Hon KP Chan on Motion on Comprehensive Reform of MPF Scheme (Synopsis):
• Although the development of the Mandatory Provident Fund (MPF) scheme has been positive in general, there are still many public comments and criticisms. Comprehensive review and reform are necessary. At the debate on extensive review of MPF at this Council in last session, I said that MPF was suitable for Hong Kong for retirement protection. Its problems arise from poor timing of launch and structural inadequacy.
• There are many levels and parties of involvement in MPF schemes, including employer, employees, service providers and the Government. Any change to the base plan would demand careful considerations and extensive consultations. One of my Amendments today calls for feasibility studies and impact analyses of various proposals submitted to the Government during the review.
• The common and core request in both the original Motion and Amendments is fee reduction. High MPF fees are legacy. Administrative costs were high at launch because of substantial capital investments of trustees. MPF administration is far more complex than ordinary investment funds. Trustees have put in hundreds of millions of dollars to develop sophisticated actuarial programmes and managerial systems to process contributions and handle investments. Their estimated payback periods range from five to ten years.
• Overseas experiences show that administrative costs would come down when funds under management exceed the critical mass. Hong Kong is also walking down the same lane. In July 2011, MPF cost rate was 1.83 percent on average, down 13 percent from three years ago. In October 2011, the rate fell to 1.78 percent. It is expected to fall further under market force when the Government allows more competitions such as MPF full portability.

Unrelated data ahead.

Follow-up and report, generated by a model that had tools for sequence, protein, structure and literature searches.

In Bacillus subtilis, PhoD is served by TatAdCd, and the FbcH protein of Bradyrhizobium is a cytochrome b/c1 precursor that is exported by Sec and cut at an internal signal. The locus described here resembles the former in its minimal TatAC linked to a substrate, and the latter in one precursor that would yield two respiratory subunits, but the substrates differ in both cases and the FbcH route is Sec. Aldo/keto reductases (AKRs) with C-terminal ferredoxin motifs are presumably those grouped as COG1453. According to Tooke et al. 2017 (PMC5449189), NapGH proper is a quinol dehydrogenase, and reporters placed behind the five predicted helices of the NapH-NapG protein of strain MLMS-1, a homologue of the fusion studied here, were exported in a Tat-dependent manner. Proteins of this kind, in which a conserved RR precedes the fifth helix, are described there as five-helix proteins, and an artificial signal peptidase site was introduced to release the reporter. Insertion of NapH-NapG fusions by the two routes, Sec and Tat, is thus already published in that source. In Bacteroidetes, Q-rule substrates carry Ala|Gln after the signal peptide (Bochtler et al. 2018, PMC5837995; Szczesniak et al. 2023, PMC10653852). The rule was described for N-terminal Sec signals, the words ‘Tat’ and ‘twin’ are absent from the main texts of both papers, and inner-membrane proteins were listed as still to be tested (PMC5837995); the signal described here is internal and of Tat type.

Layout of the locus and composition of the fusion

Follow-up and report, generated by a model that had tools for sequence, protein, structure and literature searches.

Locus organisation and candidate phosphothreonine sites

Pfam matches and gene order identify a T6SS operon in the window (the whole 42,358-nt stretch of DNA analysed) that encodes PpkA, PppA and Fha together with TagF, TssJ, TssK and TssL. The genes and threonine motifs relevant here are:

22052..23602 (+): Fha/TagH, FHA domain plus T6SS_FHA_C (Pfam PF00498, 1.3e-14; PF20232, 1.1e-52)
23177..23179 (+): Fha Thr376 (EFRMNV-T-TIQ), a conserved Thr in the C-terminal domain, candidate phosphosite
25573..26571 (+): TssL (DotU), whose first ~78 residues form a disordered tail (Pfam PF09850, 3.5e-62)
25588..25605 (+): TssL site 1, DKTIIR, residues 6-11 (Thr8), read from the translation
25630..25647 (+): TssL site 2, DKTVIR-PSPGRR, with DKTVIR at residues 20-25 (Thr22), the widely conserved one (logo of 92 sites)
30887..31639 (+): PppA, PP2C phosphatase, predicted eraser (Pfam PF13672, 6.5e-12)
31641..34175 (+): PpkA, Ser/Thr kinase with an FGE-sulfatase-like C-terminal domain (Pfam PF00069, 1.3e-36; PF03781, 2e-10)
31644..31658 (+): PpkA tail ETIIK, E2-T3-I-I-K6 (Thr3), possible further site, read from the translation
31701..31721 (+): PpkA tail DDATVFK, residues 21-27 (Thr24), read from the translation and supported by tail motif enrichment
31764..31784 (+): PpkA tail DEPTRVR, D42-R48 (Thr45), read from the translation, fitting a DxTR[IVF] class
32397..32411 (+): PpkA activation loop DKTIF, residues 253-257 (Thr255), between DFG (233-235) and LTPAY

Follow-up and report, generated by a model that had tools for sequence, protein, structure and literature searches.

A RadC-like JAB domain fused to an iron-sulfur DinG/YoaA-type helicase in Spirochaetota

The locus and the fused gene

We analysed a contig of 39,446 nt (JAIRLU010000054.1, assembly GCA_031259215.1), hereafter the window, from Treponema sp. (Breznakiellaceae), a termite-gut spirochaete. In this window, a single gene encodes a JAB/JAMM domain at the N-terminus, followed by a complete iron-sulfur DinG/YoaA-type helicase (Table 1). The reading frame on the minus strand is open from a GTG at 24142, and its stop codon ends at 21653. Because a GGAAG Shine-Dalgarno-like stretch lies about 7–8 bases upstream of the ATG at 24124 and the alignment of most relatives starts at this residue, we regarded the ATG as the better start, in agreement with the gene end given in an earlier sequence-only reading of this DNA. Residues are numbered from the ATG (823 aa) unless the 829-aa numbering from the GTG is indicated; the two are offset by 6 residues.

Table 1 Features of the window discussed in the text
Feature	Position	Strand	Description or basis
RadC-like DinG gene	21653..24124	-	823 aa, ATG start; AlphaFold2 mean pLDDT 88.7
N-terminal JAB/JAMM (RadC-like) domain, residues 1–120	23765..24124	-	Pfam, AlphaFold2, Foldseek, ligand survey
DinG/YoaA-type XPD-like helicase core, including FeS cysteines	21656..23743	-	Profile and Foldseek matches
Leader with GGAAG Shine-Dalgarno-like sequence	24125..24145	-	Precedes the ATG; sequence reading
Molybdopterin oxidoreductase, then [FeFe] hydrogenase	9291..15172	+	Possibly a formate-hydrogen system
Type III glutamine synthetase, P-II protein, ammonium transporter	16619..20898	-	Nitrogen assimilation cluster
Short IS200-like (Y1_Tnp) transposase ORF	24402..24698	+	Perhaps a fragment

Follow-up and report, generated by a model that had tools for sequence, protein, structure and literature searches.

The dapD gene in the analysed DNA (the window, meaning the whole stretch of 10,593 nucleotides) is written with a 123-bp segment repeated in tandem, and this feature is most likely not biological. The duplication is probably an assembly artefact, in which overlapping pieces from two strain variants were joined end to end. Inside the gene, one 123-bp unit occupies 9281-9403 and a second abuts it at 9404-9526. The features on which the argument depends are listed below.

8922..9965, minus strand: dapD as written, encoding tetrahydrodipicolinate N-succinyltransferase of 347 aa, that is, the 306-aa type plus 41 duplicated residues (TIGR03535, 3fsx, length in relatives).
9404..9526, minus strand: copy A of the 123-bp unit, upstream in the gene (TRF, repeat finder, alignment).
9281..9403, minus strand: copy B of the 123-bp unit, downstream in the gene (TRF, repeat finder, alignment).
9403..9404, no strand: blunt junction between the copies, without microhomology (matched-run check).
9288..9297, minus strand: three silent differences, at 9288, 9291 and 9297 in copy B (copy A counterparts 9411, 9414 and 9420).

• Nowadays, about 10 percent of MPF approved funds are charging a fee rate of less than 1 percent. Their majorities are conservative funds and fee rates are around 0.39 percent. Yet, they are unattractive because of low return. MPF members favour high return funds like equities instead. As these funds are managed by professionals, high returns are accompanied by high fees. That said, fee rates of equity funds are falling along with market trend as well.
• The insurance industry supports many proposals in today’s Motion. We look forward to early launch of full portability. We support early and partial withdrawal under exceptional circumstances. We support phased withdrawals after retirement. We support tax deduction up to $12,000 for voluntary contributions. We support review of the provision that allows employers offsetting statutory liabilities of severance pay and long service award against MPF contributions. We support more regulations on intermediaries and more enforcement and penalty against delinquency in contributions.
• On the other hand, many proposals are disturbing, like zero fee savings products, centralized administration, low management fees and inflation protected funds. Savings products do not serve the purpose of MPF in pursuing real asset growth at times of negative real interest rate. Inflation protected funds operated by the Government would simply mean public subsidy. In fact, trustees might launch similar funds themselves but the fee level would hardly be comparable to conservative funds if returns are assured.
• There are calls for statutory regulations on types and levels of fees. Those who are not in favour say that they are against principles of market economy and reduce competition. In turn, they would deter funds from seeking higher returns, resulting in low fees and low returns. Moreover, fixed fee is inequitable because it is indiscriminative of contributions. The insurance industry does not object to disclosing details of fees charged in annual reports. That said, the public might not necessarily benefit from disclosure of fees charged individually to the member because it would mean higher operating costs.
• My two Amendments urge the MPF Authority to promote free market competitions and to simplify management and administration with a view to cutting down fees payable. Apart from fee reduction, which is universal, we should pay more attention to inadequacy of MPF in meeting retirement expenses. Comparing to similar schemes elsewhere, Hong Kong is perhaps the latest starter and our contribution rate is perhaps the lowest. We should try to improve both applicable salary range and contribution rate so that MPF would truly meet retirement needs.